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Southern Illinoisan Newspaper Archive: March 28, 1974 - Page 1

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Publication: Southern Illinoisan

Location: Carbondale, Illinois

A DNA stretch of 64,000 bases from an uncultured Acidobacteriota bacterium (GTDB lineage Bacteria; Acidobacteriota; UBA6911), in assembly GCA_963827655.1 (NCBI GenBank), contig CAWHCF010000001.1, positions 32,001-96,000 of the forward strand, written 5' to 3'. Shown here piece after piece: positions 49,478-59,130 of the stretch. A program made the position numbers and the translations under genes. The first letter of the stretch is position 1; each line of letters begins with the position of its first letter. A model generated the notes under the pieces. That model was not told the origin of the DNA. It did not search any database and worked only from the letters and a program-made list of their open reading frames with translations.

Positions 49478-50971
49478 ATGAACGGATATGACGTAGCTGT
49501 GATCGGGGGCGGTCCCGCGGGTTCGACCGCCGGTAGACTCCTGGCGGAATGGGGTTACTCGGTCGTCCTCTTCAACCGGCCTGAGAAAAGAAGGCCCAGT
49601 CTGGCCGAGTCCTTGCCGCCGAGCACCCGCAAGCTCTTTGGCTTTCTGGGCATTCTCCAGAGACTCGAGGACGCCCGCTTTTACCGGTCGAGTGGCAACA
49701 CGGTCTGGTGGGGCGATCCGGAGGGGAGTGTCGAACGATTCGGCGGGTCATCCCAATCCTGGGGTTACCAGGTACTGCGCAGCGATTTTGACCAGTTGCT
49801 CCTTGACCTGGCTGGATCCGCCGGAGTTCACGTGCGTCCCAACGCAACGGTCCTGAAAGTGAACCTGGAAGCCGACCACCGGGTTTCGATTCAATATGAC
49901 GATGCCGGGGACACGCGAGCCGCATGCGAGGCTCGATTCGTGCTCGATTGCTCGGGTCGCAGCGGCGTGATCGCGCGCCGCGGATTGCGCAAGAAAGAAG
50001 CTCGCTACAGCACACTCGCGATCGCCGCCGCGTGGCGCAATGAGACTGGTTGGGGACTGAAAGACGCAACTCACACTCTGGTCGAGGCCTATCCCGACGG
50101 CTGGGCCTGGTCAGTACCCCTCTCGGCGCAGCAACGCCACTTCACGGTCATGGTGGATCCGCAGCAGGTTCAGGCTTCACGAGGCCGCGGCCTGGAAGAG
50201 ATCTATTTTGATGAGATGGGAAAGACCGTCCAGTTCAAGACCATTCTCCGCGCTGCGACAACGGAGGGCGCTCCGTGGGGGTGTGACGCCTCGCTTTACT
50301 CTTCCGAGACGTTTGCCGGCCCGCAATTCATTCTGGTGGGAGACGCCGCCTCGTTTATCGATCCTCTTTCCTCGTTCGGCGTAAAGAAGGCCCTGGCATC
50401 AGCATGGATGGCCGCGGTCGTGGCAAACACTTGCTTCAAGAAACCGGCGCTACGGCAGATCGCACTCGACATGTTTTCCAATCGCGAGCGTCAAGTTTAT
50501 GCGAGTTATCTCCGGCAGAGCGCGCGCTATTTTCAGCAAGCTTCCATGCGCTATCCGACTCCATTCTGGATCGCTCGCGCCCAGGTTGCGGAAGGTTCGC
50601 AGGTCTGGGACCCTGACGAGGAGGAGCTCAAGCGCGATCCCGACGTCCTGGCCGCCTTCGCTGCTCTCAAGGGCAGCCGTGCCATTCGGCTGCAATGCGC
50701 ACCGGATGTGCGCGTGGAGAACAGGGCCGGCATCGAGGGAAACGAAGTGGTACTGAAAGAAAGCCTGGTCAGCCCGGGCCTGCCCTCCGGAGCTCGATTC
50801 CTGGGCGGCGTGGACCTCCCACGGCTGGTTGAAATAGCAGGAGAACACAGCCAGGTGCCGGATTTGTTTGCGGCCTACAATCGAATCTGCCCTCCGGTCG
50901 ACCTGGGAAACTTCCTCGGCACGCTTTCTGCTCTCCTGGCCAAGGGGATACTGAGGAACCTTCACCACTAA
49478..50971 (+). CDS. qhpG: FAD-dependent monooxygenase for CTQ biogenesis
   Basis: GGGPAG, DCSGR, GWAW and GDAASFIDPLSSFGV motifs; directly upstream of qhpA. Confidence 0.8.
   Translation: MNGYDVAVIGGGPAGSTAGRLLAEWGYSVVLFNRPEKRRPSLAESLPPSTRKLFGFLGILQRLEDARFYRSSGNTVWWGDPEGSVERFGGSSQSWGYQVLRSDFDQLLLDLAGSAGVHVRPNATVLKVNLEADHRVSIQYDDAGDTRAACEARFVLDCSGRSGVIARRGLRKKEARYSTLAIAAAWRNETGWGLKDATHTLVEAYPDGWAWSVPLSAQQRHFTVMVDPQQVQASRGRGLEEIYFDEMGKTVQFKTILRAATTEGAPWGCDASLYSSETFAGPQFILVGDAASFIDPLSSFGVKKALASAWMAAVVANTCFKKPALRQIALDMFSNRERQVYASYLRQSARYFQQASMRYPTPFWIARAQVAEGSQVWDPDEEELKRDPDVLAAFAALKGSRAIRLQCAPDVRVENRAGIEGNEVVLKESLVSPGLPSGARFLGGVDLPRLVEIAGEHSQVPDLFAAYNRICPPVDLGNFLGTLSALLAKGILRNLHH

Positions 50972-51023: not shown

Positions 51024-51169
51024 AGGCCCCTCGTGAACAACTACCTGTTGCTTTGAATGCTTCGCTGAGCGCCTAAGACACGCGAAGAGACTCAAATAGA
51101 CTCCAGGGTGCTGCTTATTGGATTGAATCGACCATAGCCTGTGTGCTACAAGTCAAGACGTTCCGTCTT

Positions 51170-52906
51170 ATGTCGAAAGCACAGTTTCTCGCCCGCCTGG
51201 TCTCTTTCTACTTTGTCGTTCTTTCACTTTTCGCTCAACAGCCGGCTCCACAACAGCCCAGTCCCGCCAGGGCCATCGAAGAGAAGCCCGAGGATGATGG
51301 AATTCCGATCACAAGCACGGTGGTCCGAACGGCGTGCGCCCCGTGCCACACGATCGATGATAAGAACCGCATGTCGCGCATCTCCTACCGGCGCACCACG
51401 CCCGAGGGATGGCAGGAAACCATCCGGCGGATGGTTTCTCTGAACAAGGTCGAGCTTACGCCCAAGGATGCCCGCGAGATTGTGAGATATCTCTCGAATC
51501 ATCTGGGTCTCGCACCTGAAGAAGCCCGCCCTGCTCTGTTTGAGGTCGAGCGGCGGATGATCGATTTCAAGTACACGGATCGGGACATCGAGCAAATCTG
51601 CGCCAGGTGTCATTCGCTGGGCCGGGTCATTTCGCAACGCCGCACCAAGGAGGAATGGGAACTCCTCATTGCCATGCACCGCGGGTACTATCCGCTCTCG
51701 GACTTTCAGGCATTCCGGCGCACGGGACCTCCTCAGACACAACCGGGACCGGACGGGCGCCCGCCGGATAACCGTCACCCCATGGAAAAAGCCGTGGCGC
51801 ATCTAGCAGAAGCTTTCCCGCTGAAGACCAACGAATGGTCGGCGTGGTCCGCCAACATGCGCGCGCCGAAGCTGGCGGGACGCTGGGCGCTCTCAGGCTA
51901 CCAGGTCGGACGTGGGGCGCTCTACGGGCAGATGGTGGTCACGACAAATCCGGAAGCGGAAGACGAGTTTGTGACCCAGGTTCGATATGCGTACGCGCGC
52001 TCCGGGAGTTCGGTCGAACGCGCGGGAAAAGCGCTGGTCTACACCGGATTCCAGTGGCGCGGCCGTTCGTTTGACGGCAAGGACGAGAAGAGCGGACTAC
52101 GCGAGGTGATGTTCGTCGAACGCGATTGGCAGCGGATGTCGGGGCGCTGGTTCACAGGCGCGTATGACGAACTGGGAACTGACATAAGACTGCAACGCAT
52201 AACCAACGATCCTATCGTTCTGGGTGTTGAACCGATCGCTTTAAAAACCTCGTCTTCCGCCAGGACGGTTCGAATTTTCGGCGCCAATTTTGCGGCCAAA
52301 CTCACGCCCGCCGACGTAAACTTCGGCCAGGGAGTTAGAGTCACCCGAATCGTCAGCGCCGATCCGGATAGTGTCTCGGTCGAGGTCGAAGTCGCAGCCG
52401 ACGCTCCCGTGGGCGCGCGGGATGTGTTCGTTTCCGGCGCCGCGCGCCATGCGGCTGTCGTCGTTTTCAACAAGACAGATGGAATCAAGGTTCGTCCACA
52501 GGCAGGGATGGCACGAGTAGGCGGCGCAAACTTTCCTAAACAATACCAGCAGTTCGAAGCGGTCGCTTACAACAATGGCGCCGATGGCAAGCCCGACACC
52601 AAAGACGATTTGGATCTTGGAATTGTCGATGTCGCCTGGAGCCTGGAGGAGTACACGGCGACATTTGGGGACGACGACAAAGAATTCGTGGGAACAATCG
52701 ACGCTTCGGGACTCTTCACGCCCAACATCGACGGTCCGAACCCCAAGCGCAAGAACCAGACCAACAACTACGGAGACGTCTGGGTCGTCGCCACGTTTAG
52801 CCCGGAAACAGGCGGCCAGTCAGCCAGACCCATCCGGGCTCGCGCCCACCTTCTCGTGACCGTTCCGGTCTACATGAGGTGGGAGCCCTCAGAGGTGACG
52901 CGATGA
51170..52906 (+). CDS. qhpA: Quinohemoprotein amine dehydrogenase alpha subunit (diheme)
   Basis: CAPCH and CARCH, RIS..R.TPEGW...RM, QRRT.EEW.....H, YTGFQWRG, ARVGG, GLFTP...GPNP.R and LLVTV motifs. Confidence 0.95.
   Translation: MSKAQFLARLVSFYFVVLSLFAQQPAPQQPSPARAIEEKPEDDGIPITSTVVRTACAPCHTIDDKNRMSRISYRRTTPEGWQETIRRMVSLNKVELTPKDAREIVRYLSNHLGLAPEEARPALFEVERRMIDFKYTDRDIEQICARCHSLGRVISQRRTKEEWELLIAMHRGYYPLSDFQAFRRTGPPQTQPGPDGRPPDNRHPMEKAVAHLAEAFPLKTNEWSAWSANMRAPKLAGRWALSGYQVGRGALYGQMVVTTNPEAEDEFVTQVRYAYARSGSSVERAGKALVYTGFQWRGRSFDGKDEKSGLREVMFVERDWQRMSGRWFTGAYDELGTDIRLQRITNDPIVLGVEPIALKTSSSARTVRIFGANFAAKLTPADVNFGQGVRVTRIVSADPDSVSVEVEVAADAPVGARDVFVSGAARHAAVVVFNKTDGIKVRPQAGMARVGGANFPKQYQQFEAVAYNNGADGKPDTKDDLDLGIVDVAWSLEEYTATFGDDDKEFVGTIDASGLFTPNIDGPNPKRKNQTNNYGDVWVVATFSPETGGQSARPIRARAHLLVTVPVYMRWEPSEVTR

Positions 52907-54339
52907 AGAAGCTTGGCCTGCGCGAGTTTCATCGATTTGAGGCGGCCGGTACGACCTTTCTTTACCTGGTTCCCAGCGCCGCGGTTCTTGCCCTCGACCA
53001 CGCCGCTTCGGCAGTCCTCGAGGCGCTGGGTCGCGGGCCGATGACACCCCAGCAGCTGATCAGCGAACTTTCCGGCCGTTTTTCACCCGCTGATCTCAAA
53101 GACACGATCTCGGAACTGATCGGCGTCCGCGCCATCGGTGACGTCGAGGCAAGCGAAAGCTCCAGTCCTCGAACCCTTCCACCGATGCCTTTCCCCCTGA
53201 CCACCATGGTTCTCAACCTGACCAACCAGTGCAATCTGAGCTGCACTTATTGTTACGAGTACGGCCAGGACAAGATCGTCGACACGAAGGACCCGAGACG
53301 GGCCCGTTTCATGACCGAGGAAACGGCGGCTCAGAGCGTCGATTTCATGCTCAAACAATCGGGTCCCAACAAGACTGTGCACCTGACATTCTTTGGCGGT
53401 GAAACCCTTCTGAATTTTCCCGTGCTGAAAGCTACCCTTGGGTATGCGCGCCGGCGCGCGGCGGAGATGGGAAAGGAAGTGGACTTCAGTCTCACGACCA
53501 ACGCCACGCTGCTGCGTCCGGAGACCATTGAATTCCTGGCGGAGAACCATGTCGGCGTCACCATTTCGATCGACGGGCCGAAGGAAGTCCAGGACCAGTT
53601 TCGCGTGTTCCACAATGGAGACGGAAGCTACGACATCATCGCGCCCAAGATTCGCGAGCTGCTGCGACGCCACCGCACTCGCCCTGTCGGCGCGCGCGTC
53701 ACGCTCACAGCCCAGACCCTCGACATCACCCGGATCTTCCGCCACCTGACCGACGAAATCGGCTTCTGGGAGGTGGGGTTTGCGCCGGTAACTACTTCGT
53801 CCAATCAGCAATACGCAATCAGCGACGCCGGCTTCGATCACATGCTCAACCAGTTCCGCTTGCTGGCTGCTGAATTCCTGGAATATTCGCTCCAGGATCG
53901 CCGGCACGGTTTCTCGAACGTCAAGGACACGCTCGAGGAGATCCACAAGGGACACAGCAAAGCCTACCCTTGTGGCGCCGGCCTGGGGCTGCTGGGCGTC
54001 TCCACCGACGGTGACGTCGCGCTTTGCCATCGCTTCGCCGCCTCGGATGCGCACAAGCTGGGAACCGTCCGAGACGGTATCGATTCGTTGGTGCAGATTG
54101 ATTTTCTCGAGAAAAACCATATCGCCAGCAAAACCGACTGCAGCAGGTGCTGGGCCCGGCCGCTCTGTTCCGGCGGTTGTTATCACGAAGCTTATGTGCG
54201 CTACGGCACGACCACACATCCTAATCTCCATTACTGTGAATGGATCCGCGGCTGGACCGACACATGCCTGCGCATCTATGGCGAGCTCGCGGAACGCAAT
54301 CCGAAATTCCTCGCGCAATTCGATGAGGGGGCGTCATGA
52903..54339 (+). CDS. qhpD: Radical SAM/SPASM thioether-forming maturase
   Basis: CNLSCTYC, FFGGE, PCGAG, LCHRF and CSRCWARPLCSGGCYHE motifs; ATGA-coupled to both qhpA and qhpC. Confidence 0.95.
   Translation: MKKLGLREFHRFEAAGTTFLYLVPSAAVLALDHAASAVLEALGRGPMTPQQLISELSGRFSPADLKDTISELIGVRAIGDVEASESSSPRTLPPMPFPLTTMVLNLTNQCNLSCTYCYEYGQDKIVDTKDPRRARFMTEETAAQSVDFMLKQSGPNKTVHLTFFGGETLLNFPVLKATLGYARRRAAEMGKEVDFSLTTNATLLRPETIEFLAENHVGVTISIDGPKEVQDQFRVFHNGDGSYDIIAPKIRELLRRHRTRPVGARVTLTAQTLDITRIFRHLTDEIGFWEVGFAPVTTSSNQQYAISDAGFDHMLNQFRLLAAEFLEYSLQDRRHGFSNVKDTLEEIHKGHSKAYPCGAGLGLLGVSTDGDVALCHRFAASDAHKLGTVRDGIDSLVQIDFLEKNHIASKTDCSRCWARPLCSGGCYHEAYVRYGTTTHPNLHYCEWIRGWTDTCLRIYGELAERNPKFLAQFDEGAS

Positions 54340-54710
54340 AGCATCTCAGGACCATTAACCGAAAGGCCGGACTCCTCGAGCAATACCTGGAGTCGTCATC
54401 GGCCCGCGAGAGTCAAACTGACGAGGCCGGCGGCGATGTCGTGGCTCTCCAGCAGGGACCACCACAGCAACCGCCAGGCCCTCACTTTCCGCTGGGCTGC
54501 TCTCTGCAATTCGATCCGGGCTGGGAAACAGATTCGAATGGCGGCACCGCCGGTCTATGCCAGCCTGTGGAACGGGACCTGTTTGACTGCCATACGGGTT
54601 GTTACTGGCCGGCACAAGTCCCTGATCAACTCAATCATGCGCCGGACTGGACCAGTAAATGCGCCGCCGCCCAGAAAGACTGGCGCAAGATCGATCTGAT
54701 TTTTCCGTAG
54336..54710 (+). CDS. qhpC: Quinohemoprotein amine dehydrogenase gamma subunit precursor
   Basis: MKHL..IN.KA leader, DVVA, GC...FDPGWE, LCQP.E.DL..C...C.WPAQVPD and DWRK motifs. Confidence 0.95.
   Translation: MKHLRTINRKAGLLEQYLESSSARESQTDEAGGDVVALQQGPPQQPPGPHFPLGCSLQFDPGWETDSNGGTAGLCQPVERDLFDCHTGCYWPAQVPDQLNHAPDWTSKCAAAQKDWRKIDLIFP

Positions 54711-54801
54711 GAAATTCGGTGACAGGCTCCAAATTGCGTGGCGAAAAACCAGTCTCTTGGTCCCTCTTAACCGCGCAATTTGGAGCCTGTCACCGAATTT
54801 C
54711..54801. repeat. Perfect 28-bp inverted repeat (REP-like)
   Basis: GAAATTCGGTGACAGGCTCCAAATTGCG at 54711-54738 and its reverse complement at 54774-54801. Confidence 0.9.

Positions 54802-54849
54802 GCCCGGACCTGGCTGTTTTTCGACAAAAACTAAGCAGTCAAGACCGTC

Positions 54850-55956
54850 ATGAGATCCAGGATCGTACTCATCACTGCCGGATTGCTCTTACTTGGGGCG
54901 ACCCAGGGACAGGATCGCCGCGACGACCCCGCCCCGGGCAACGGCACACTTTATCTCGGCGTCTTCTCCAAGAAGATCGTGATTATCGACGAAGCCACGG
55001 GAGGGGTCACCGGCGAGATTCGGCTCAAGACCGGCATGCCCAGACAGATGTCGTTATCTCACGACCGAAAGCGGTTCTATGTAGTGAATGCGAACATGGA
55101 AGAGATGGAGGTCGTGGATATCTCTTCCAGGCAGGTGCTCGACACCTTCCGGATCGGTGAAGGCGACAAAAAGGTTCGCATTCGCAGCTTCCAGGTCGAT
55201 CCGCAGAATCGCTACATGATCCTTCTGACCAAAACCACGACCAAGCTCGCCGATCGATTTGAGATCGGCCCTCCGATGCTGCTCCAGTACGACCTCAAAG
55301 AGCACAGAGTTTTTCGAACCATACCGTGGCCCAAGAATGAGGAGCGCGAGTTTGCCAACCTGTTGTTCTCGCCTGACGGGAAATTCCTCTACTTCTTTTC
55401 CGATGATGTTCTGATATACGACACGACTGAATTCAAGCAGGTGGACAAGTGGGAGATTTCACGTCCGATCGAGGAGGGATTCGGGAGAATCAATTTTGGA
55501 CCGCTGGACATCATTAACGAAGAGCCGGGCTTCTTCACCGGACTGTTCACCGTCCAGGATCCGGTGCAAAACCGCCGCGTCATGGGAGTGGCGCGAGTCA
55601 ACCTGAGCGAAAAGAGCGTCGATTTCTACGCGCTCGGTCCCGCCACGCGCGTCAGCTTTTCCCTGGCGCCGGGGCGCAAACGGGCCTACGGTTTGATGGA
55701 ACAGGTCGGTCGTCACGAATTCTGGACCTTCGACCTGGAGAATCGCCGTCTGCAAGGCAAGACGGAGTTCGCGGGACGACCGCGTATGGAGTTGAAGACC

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   Southern Illinoisan (Newspaper) - March 28, 1974, Carbondale, Illinois                                PUBLICATION OFFICE Murphysboro Htrrin 710 N Illinois 1113 Walnut 212 N life Southern lUinoisan Sucewwr to Herrln 0illy Jourml Murphyiboro IndiptiidiM 010175 739 Volumt 82No 741 Oe a Copy Two THURSDAY MARCH 28 1974 D EC A Students flockmgto unique SIUC degree program fkn OTP flWl7fh TA tflVft By Dave Butler Of The Southern Illinoisan Officials at Southern Illinois at Carbondale have been overwhelmed with stu dent response to a new com pletely flexible bachelors de gree program in occupational education that SIUC says is the only one of its type in the nation The revolutionary p r o gram was started last fall with no additional money no additional teachers no new classrooms but four times as many students as expected according to Arden Pratt dean of the School of Tech nical Careers Pratt said the program al lows any person who has a twoyear junior college or as sociate degree to select any course of study at the uni versity When the student is Wage bill passes Washington AP Congress sent to President Nixon today for his expected signature a bill increasing the minimum wage to an hour The House took final action on the compromise measure soon after the Senate passed it 71 to 19 Sen Jacob K Javits RN Y chief Republican sponsor of the bill told his colleagues the White House had advised it would be signed The bill also would bring an additional 7 million workers under the wages and hours act including 1 million domes tics The President vetoed a some what similar bill last year but the word at the Capitol is that he would sign the new version The increase would raise the present wage floor to for 56 million workers in a series of steps The first step would be on May 1 Congress last raised the minimum wage in 1966 The bill would bring domestics under the wages and hours law for the first time repeal over time pay exemptions now in ef fect in several industries tighten present law on child labor on farms and extend the scope of the law aimed at dis crimination against elderly persons in employment The wage floor would be in creased on this schedule For 36 million workers cov ered by the law prior to 1966 May 1 Jan 1 1975 and Jan 11976 For 19 million workers cov ered in the 1966 act mostly retail and service employes and covered by the current bill May 1 Jan 11975 Jan 1 1976 and Jan 1 1977 For 750000 farm workers who now have a floor May 1 Jan 11975 Jan 1 1976 Jan 1 1977 and Jan 11978 An estimated 45 million would receive pay hikes by the time all of the steps take effect Sponsors of the bill said its passage was essential to raise the lowestpaid workers at least close to the poverty level The 1974 bill contains only minor changes from last years version It does not contain a youth differential but it does liberalize present law slightly on employment of students Students could be employed parttime not more than 20 hours a week at 85 per cent of the regular wage floor finished with the program he is awarded a bachelors de gree in the special field that he chose Pratt said the program has complete flexibility and lets a person take the courses that he needs to pursue the ticular job or career that hes after Ther person does not have to be confined by present cur riculum in any single depart ment at the university Pratt said Many students dont un derstand our program because we dont channel them into anything Pratt said They decide what theyre after and then take the matter what department or segment of the get a speciality in that par ticular field The School of Technical Ca reers formerly the Vocation alTechnical Institute is ope rating the program Students in the STC twoyear occupa tional program and those in regular baccalaureate p r o grams at SIUC are eligible for the new degree Pratt said the program will not offer degrees currently offered by other SIUC departments The program relies c o m pletely on existing courses and teachers within the university Pratt said He predicted the program will help increase en rollment at SIUC We havent said much about the program because weve got 100 students and expected only 25 thats with no money or anything he said We wanted only a pilot project but this has been a fantastic success Pratt said the most impor They select own courses with completeflexibility toward particular goals tant part of the new program is advisement He said each student is advised much more than in regular courses and he plots exactly what he wants to do Then we fit the courses he must take around what he wants Pratt said the program could really help area older people who want to go back to school to get a better job Well just take their interest devise a series of classes for them and then they can get the degree At the end of winter quarter in early March five students from Chicago became the first to be graduated in the pro gram They were involved in specialities relating to avia tion technology What weve been saying is that anything goes with our supervision Pratt said Its simply for people with a two year degree who want to con tinue their education but in a particular field An example of how the pro gram works is the following A student has an associate degree in auto mechanics but wants to operate his own ga rage He thinks getting a bachelors degree may help his business operation and fur ther career if he seeks any other job So the person sets up a program with SIUC He calls it auto mechanics manage ment He takes accounting business and management courses When he finishes the requirements which he him self established he is awarded a degree in auto me chanics management In order to satisfy gradua tion requirements a student must take a total of two years of baccalaureate work in addi tion to having the twoyear as sociate degree Pratt said the STC arranges a students programso that current degree requirements are met or substitutions are made He said the university has not faced any academic accreditation problems with the new program And he added that the pro gram has endless possibili ties Students who have declared for this program even though they are currently in the first twoyear segment also are eligible for collegiate sports and officertraining in the armed services Pratt said Students enrolled only in two year programs are not eligible for either under existing rules Pratt who founded the pro gram said people are skepti cal about it until they under stand that well do just about anything to givethem the best education for their career goal thats what its all about in education By next year the program should have 300 people and has been guaranteed s o m funding he said Well be attracting a lot of junior college graduates and other people I think this is one of the most innovative programs now going at this university he said For the area the program has something available for everyone Pratt said If someone just wants to return to school to get a job promo tion or whatever we think it will be great Unfortunately ormaybe fortunately our planning and explanation has been be hind our implementation Mine wageprice controls lifted Washngton AP Ten of the nations biggest coal companies have agreed to boost production open new mines and reduce exports in return for full lifting of federal wage and price controls on the coal industry The Cost of Living Council announcing Wednesday its ac tion affecting the billion in dustry said the 10coal pro ducers agreed to limit price in creases through Nov 12 The council said the producers also agreed to advise the United Mine Workers Union that they are requesting the Bituminous Coal Operators Association to start negotiations on their labor accord which expires in No vember The 10 big producers account for half of total coal sales in the nation according to the council which declined to name the Industry promises more mines fewer exports firms About 150000 miners are involved The council said the exemp tion from controls applied to the 20 per cent of the coal industry which was not previously ex emptedthrough other special actions The government panel said its move Wednesday would result directly in increasing bitumi nous coal production by about 10 million tons for the year ending in April and by 26 million tons the next year Overall production of bitumi nous coal production including increases already planned is expected to total about 41 million tons this year up seven per cent over 1973 the council said It said the decontrol action was not expected to significantly increase average shortterm coal prices which the council said would go no higher than an average a ton What price hikes do result will affect industries which do not produce their own coal and utilities which must buy coal without benefit of longterm contracts the council said Not covered by the exemption from controls are mine con struction workers who are sub ject to different regulations Walker No sacrifice fo spur coal use Environmentalists have their day A ctress at alcoholism seminar Actress Mercedes McCam bridge right principal speak er at todays seminar en Al coholism Control and Treat ment at the Community Le vel at Southern Illinois Uni versity at Carbondale talks over program material with Paul Dugas alcoholism con consultant for the Southern Il linois Mental Health Clinic cosponsor of the event with the Illinois Dept of Public Healths Bureau of Emergen cy Medical Services Miss McCambridge a recovered al coholic was honorary chair woman of the National Coun cil on Alcoholism in 1973 Her latest screen credit is voice of the Devil in The Exorcist About 300 persons attended the seminar Chicago AP A twoday parley of coal in dustry leaders and government officials wound up on the upbeat session at which industry lead ers pledged massive financial commitment to coal research projects and environmentalists cautioned against any accelera tor environmentalists when Govj tion of coal mining without pro Daniel Walker pledged that pollution standards would not be relaxed to spur an increase in coal mining Walker said at a luncheon More tapes to be sought Wednesday It is no answer to say that we shouldxmeet our energy needs by victimizing the asthmatics and older citizens who are the first to fall from this pollution tection of land and air quali ty Mrs Louise Rome of the Illi nois League of Women Voters She called for a revision of the the conference that If coal is to states land reclamation to meeting short to which does not now require cropland to be restored to its former state after mining In response to criticisms from industry leaders Richard Briceland director of the state Environmental Protection told the 400 conferees from said that Illinois air dustry and government pollution requirements do not The annual economic loss of discriminate against Illinois crop income and its impact on produced coal food prices must be considered by the state before any com imitment to stripmining accel Washington AP The House impeachment inr quirys staff has notified the White House it will ask for more of President Nixons tape recorded conversations This was disclosed Wednesday as the House Judiciary Com mittees two senior members put on headsets and listened for the first time to portions of tapes the committee already has Chairman Peter W Rodino Jr DN J and the ranking Republican Rep Edward Hutchinson of Michigan refused to give any details of what is on the tapes Hutchinson said he and Rodino did not listen to the disputed March 21 1973 recorded dis cussino between President Nix on and former White House counsel John W Dean III on hush money to keep the original Watergate burglars quiet Rodino and his chief counsel said the White house has turn ed 18 tapes over to the commit tee and Rodino said there were more tapes in the grand jury material turned over Tuesday President Nixon said March 19 he had ordered 19 tapes turned over to the committee and newsmen asked Rodino if that means one is missing Im not saying that Rodino I know only that we have 18 The request for more tapes of President Nixons recorded conversations was disclosed by special counsel John Doar to all Judiciary Committee members Doar said he told White House lawyer James D St Clair last Friday We would have addi tional requests for other presi dential recorded conversa tions The Baltimore Sun reported today that tapes apparently do not exist of at least 10 of the 42 conversations covered in the committees request Walkers speech concluded aera tion occurs Exxon official denies conspiracy midterm energy needs its largest contribution will have to come from coal burned as coal Although coal reserves rank as the highest of the nations natural fuel reserves much of it is expensive to mine and en vironmentally undesirable Bagge said however that there is an unreasonable fixa He said that Illinois coal canj tion with sulphur in regula be burned in all but three metj tions ropolitan areas without costly controls There are coal seams nearby so broad and so deep that the Wednesdays seminar discuspeople of this state could literally wallow in fuel Yet you sions differed from Tuesdays talks when industry leaders pressed for accelerated coal use Carl Bagge president of the National Coal Association told cannot mine it and you cannot burn it because we have substi tuted mistaken belief for ra tional analysis on the issue of sulphur he said Witnesses deny violence Defense rests in raid case Alton AP The defense rested its case today in the trial of 10 federal and local law enforcement of ficers accused of violating the pated in some of the raids but were not indicted said Wednes day one of the defendants even had permission to enter and search two of the homes from IlCd a uuuuacu ui civil rights of several persons j alleged drug pushers who lived in a series of drug raids last there April Judge Omer Poos of US Dis trict Court recessed the trial until Tuesday when he said he Seven federal officers and three St Louis policemen ac cording to a 12count indictment entered and searched homes in will give the case to the jury j the Collinsville area last spring C r A TVifltiH Earlier defense witnesses de nied violent confrontations bet ween agents and suspects as described by prosecution wit 1 nesses defense witnesses St Louis detectives who partici in violation of Fourth Amend ment protections from unreasonable search and seiz ure Mrs Pamela Gitto testifying for the government claimed that on April 191973 at least a dozen agents some carrying things No officer they said shotguns stormed her East St j drew a pistol in their presence Louis home and threatened her I and none had a shotgun Only her son and Robert Underwood Mrs Gitto and Underwood whom she described as her commonlaw husband She claimed they drank beer and soda from her refrigerator hit Underwood with a flashlight cursed him spilled sugar flour coffee on the floor spitefully kicked open her back door and ransacked closets and draw ers Detectives Gene A Crosby and Sam Lackland testified they were present during most of the f lIA cursed they said Detective Benny Green claimed in court agents had permission to enter two other homes that night Green said Edward Staffire who was ar rested that afternoon sin Brent wood Mo after selling agents worth of cocaine told the agents he wanted to cooperate and said they could search houses he used in rural Ed raid and saw none of those Iville wardsville and rural Collin Washington AP An Exxon official denied today that the oil shortage since Oc tober is a result of oil company conspiracy or monopoly Also he said it was not a result of poor planning but rather the result of political events that the oil industry could neither prevent nor insure against with alternative sup plies The statements were made to the Senate Foreign Relations subcommittee on multinational corporations by George C Piercysenior vice president of Exxon Corp Piercy told the subcommittee that spare crudeoil producing capacity dwindled in the 1970s because of heavier demand for oil worldwide and because al ternative sources of energy such as coal and nuclear power failed to grow as expected Meanwhile Sen Frank Church DIdaho a member of the subcommittee called for a breakup of international oil monopolies Herbert Kobler Out of one race hes still in another one Index Cloudy tonight with 70 per cent chance of showers or thunderstorms low in the low or mid 50s Friday mostly cloudy with rain ending and turning colder High in the upper 60s or lower 70s Classified Comics TV Bridge Crossword Editorials Family living Records Sports Weather details map 2124 J7 4 67 2425 1517 25 Herbert M Kobler Rt 2 Marion lost his race for the Republican partys nomina tion for superintendent of schools in Williamson County but he is still a candidate this time in Union County Twp voters in Union County wrote his name in as their choice to seek the post in that county Kobler tied with James OBrien Anna who also got two writein votes for the Republican nomina tion Candidates do not have to live in the county to be no minated A flip of the coin in the presence of representatives of the two men fell in Koblers favor and his name will be on the general election ballot as a candidate for that of fice pending presentation of his certifications Friday to county clerk The tie between Kobler and OBrien was one of three ties resulting from the March 19 primary The other ties involved pre cinct committeemen posts for each party A flip of a coin made Mil dred Wright rural Jonesboro the Republican precinct com mitteeman of Reynolds Pre cinct and Stanley C Hileman rural Jonesboro Democratic precinct committeeman o f Meisenheirner Precinct Kobler 54 a Marion high school teacher was defeated for the Republican Partys no mination for superintendent of Schools in Williamson County by Guy Pete Peterson prin cipal of Pittsburg school